0

I want to keep track of different activities/actions made by members of a website. For example "post created", "successful login", "file uploaded" etc.

Is it OK to just have a table named for example "actions" and save timestamps , user ID etc and the primary key for the actions such as post_id (table Posts), file_id (table Files)

Is this a valid way of doing it, or is there a better way?

  • Take your question a step further... Provide tentative CREATE TABLEs. – Rick James Sep 29 '17 at 15:07
0

Your proposed design is completely viable.

Couple of things to consider:

  • the table most likely will be write (INSERT) heavy
  • will grow indefinitely unless archived
  • queries most likely fall under OLAP and not OLTP (aggregations over point queries)

Workload

Assuming InnoDB engine you want primary key to be a continuously incrementing id so INSERT won't be random causing too much page split and fragment the tablespace.

Benefits of AUTO_INCREMENT:

  • Always incrementing
  • Providing fast insert rate

Downsides of AUTO_INCREMENT:

  • One extra column
  • You probably will never query on PK

Timestamp would be a great candidate for PK if you can keep it UNIQUE since it's most likely will participate in most of your queries and most like as a range. (PK is at the end of every secondary key).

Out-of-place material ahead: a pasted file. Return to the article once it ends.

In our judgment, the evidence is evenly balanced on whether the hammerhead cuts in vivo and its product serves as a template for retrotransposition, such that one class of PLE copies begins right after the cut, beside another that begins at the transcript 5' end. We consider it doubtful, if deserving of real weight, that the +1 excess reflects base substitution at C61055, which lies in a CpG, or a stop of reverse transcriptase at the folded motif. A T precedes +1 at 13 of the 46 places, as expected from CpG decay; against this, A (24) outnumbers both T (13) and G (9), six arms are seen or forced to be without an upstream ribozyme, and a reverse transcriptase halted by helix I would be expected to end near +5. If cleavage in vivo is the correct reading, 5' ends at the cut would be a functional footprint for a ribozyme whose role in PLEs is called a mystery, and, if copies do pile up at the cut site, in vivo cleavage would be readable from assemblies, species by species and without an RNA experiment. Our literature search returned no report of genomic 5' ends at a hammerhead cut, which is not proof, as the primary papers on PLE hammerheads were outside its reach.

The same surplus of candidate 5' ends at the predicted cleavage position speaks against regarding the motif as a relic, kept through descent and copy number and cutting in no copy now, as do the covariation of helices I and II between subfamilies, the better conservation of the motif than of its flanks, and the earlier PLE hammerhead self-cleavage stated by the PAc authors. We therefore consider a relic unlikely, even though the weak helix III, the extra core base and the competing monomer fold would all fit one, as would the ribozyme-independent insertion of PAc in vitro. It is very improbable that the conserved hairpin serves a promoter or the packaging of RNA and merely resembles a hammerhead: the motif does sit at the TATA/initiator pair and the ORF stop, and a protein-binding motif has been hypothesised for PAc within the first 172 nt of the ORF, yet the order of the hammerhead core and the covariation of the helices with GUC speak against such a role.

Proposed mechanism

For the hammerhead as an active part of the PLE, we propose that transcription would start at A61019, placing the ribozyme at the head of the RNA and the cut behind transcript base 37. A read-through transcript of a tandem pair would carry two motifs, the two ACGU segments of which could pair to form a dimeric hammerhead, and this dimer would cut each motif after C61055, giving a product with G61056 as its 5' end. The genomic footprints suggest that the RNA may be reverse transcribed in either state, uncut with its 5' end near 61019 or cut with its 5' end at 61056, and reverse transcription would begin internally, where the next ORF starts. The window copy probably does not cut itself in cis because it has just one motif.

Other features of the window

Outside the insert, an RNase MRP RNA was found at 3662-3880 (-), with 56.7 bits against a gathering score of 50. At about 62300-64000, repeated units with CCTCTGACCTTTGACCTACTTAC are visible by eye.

You could also experiment with the an id BIGINT UNSIGNED AUTO_INCREMENT PRIMARY KEY instead. Use whichever gives better performance.

Size

Try to keep the row size as small as possible to avoid sharding/partitioning/archiving as long as possible (eventually you will need to but MySQL is quite good with tens of millions of rows even).

To achieve this use only IDs in this table and have lookup tables where necessary. For example: instead of action VARCHAR(12) use action_id TINYINT UNSIGNED. TINYINT is 1 byte whereas action will be always at least 2 assuming ASCII, latin1 or similar small character set but longer the string becomes the more byte it will use obviously. UTF8 can use up to 4 bytes / character.

Only put index on columns where you really need to. Daily, monthly, etc aggregation tables will serve you better than heavy indexes on this table.

A possible schema

CREATE TABLE my_action_log (
    ts TIMESTAMP(3) PRIMARY KEY,
    action_id TINYINT UNSIGNED NOT NULL,
    user_id INT UNSIGNED NOT NULL,   
    post_id INT UNSIGNED NOT NULL,
    ...
    KEY ... # Whatever index you need
) ENGINE=InnoDB

Your Answer

By clicking “Post Your Answer”, you agree to our terms of service, privacy policy and cookie policy

Not the answer you're looking for? Browse other questions tagged or ask your own question.